The Eastern Gray Wolf is a mysterious animal which evokes different emotions in us. How you react comes down to how much time you’ve spent with them, or, more importantly, how much time you’ve taken to learn something about them. I personally have always revered them, having had several close encounters over the years. Each has left me with a feeling which has persisted for a lifetime.
My first interaction with a wolf was when I was a teenager, living in the Upper Ottawa Valley near Petawawa. I used to love to go to the back-country there and see the wildlife in unspoiled territory. On this particular day, I was walking along a long dirt road which spread out for a couple of kilometres in front of me. The tree-lined edges focused my eyes on the road. Suddenly a fisher leapt out of the woods on the right side and raced down the roadway, with a lanky grey wolf on its tail. They moved too fast for me to tell what the outcome was, but my guess is the wolf probably won. The wonder of this was, both animals were first-time sightings for me!
I recall camping alone in Algonquin Park one October weekend, and, while I prepared my mind for the hikes that day, I sat on the picnic table at my campsite. Out of the corner of my eye, a sleek grey animal emerged from the edge of the forest, trotted to within 50 meters of me, stopped, looked at me and then approached even more closely. Finally, it came within 25 meters, gave me the once over and trotted off back into the bush. The moment we made eye contact was spectacular.
On another occasion, I was doing breeding bird surveys, in the Parry Sound area, and had to do an eight-kilometre transact through the bush for a new roadway. The walk-in was uneventful except for the bear! (but that’s another story) At the end of the day, the light was fading fast, and I was anxious to get out of the bush before it became totally dark. As I neared the road, an eerie and prolonged howl broke the silence, between me and the car! Not sure what to do, I made a bit of noise and proceeded slowly back to the car, hoping the wolf would be scared off. Finally, at the car, I got in and started to drive, and there it was, a lovely young wolf stood on the road, and again the eye contact was spectacular. It’s almost like it had serenaded me and then showed itself so I could see its majesty.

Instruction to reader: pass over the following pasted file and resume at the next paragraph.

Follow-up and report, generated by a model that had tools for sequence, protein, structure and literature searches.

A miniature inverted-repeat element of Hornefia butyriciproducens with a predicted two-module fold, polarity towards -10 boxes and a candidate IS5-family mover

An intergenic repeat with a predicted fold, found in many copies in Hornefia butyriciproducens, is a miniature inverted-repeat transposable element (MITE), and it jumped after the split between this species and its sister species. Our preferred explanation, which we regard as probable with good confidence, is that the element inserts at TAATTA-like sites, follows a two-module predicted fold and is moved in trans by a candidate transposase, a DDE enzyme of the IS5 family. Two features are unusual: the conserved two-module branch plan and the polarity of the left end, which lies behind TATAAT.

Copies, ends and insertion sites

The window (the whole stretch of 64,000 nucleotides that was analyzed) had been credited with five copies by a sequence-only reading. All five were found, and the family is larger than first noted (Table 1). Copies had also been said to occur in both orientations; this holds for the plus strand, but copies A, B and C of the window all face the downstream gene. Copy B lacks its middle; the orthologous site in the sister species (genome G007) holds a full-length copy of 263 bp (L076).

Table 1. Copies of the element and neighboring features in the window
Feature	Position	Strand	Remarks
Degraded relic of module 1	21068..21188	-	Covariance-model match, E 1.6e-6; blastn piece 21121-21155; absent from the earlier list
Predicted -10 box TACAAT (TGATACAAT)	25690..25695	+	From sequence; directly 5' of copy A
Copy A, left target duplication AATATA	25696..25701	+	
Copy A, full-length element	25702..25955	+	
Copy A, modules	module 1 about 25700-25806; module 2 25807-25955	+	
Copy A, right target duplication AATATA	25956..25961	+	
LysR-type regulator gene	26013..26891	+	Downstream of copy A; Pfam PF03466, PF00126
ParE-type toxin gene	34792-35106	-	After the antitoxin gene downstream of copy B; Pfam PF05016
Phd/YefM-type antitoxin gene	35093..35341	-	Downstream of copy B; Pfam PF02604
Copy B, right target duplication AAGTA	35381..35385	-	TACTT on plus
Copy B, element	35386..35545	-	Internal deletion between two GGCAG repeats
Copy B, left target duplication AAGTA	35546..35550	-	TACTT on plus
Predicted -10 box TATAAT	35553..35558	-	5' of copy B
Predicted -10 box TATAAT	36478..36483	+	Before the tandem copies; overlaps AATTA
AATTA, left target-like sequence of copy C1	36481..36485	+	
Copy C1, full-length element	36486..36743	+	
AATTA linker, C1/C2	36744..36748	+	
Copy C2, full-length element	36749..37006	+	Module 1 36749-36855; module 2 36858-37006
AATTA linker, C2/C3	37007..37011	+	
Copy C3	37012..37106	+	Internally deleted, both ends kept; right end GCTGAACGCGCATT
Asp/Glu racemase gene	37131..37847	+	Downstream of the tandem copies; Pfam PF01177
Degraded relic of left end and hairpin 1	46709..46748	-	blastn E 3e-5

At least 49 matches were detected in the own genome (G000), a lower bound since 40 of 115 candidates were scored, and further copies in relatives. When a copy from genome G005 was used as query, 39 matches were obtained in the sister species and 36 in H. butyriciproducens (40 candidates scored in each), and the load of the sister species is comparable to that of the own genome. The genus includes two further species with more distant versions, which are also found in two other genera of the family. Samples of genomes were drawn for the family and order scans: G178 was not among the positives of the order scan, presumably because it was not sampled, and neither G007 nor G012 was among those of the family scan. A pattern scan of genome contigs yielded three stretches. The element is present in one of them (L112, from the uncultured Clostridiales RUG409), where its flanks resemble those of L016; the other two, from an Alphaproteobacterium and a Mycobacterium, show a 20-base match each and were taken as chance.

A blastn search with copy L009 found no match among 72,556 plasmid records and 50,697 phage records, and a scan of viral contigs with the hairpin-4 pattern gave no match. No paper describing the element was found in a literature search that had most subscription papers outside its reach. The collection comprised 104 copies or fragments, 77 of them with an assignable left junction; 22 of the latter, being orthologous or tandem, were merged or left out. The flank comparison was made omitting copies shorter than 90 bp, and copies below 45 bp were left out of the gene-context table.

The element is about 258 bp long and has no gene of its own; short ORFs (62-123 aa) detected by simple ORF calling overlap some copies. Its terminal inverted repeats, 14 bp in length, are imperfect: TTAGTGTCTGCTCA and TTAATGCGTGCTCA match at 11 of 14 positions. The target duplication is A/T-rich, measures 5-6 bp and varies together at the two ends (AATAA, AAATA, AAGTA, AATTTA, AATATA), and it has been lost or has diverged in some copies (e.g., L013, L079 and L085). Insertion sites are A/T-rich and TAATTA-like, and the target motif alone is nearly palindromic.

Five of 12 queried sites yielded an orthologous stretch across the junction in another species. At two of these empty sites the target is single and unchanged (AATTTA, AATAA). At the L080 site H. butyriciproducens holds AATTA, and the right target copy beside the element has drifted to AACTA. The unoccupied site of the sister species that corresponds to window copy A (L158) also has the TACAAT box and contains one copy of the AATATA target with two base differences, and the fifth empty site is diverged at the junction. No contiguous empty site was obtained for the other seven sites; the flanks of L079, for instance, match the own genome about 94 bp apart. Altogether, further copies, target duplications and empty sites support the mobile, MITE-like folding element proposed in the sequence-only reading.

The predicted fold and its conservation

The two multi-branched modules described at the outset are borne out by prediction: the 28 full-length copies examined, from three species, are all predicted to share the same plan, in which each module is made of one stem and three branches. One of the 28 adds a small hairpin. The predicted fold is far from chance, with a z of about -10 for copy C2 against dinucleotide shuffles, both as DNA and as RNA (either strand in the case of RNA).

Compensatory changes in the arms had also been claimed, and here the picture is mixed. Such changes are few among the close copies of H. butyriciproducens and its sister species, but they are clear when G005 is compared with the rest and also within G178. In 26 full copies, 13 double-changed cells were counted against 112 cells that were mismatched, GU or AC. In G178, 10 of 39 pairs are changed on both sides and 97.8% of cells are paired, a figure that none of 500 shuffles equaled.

This past week, I was up in the Rainy River/Kenora area of the province. We had seen wolf scat but no animals until the last night. While driving back from late evening bird surveys, we spotted a large animal on the shoulder of the road. We soon realized it was a fairly large wolf, the shaggy mane and broad shoulders gave us clues to its identity. As we approached, it moved off the road to get away from the car. I suggested to my friend we just sit quietly for a few moments and wait. Soon, we heard it in the brush beside the road, but in the darkening light couldn’t see it. Then suddenly, it emerged onto a small pathway beside the road and stood in full view about 25 meters away. We all made eye contact, until it decided it had had enough and moved back into the woods, only to emerge about 10 meters further away, to have one last look at us, before melting back into the forest.
As a youth, I recall going to Algonquin to participate in the wolf howls. These were scholastic outings to see if we could get wolves to respond to our calling. Using only our voices, we howled and yipped on the crisp October night. To our amazement, we had three different packs respond! What an amazing time I’ve had with these wonderful animals!
Geoff Carpentier is a published author, expedition guide and environmental consultant. Visit Geoff on-line at LinkedIn and Facebook.